Historically, one of the most important challenges and responsibilities of the USDA Forest Service has been to establish forests on lands that are unstocked as the result of natural catastrophes, excessive cutting, fire, insects or farming practices of the late 19th and early 20th centuries.
Reforestation programs have been integral to the management of national forest resources since the Agency’s inception. The Organic Administration Act of 1897 explicitly provided for the establishment of national forests to improve and protect forests to secure favorable conditions of water flows and to furnish a continuous supply of timber. The Act provides for reforestation work in support of these aims. The Weeks Law of 1911 provided for the acquisition of forested, cutover, or denuded lands within watersheds to regulate the flow of navigable streams or for the production of timber, enabling the Secretary to conduct reforestation work on the acquired lands.
Tree planting programs conducted on the national forests during the early 1900s were primarily concerned with the re-establishment of tree seedlings following large wildfires. The Wind River Nursery was established in Washington State in 1901 to ensure a reliable source of tree seedlings to reforest large burns in the Pacific Northwest. The Bessey Nursery was established in 1902, in an early collaborative effort involving Chief Forester Gifford Pinchot and Professor Charles Bessey of the University of Nebraska to restore pine seedlings to the Sandhills region, these efforts led to the creation of what is now the Nebraska State Forest and portions of the National Forests of Nebraska.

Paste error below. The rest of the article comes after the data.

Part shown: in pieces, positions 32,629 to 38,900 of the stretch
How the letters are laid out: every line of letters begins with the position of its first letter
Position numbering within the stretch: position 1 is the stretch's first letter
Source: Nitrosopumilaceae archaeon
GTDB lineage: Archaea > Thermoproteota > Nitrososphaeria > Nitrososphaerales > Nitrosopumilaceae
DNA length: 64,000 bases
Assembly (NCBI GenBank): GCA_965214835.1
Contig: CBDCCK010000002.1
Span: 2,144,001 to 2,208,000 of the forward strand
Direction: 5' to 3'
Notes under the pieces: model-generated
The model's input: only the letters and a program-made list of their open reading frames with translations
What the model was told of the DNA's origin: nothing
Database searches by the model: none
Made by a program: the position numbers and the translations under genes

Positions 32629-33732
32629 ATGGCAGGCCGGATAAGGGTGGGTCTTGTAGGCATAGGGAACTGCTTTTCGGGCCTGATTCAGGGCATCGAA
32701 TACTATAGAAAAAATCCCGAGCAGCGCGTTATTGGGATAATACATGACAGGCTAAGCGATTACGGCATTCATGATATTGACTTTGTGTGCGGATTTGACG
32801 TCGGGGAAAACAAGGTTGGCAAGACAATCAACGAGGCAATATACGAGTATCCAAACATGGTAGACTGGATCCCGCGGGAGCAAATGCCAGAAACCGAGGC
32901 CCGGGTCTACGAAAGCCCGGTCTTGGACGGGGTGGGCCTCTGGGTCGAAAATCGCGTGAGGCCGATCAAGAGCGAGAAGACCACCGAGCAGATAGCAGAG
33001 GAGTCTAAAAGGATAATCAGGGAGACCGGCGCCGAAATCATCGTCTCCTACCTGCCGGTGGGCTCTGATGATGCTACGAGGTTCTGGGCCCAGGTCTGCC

The Knutson-Vandenberg (K-V) Act of 1930 explicitly provided for the establishment of forest tree nurseries and also authorized the Secretary to require timber sale purchasers to make deposits to cover the cost of reforestation and related work within timber sale boundaries. The K-V Act continues to be a primary means for ensuring our reforestation treatment needs are met within timber sale areas.
Timber harvested on National Forests during the first half of the 20th century utilized selective harvesting practices primarily in green timber stands. Regeneration needs within the timber sale area were commonly addressed by using natural regeneration methods and could generally be addressed using K-V deposits arising from the timber sale. The national forests were, for the most part, well positioned to address their reforestation treatment needs using these deposits and by requesting additional appropriated funds to address the needs associated with sporadic wildfire, insect and disease attacks.
Following World War II, timber harvesting practices began to shift to increasingly favor regeneration harvest methods, such as clearcutting, during the mid- to late-1960s on many national forests. Timber sale revenues remained generally sufficient to address reforestation treatment needs within timber sale areas throughout this period.
Since 1992, the use of the clearcutting method of regeneration harvest was de-emphasized on the national forests. This change, coupled with a general decline in timber sale program levels, led to sharp reductions in regeneration harvest practices and associated K-V receipts on many national forests. These reductions led to a general decline in reforestation needs that continued through the late-1990s.
As a result of the buildup of hazardous fuels over the last 100 years, unnaturally intense wildfire has become the predominant causal factor giving rise to reforestation needs on many national forests, particularly in the West. The scale and severity of these events is of a magnitude that often leads to devastating impacts to forest resources and a variety of post-fire recovery needs and has resulted in sharp increases in reforestation needs on many national forests in recent years.
Why Reforestation is Important
America's richly, diverse forests provide vital products and amenities to our society including quality habitat for wildlife, biodiversity of plant and animal communities, clean water, aesthetic benefits, and recreational opportunities. Timely reforestation following harvest or a major catastrophic event to restore forest cover on denuded lands is often important to maintaining forest ecosystems and deriving associated ecological, social, and economic benefits.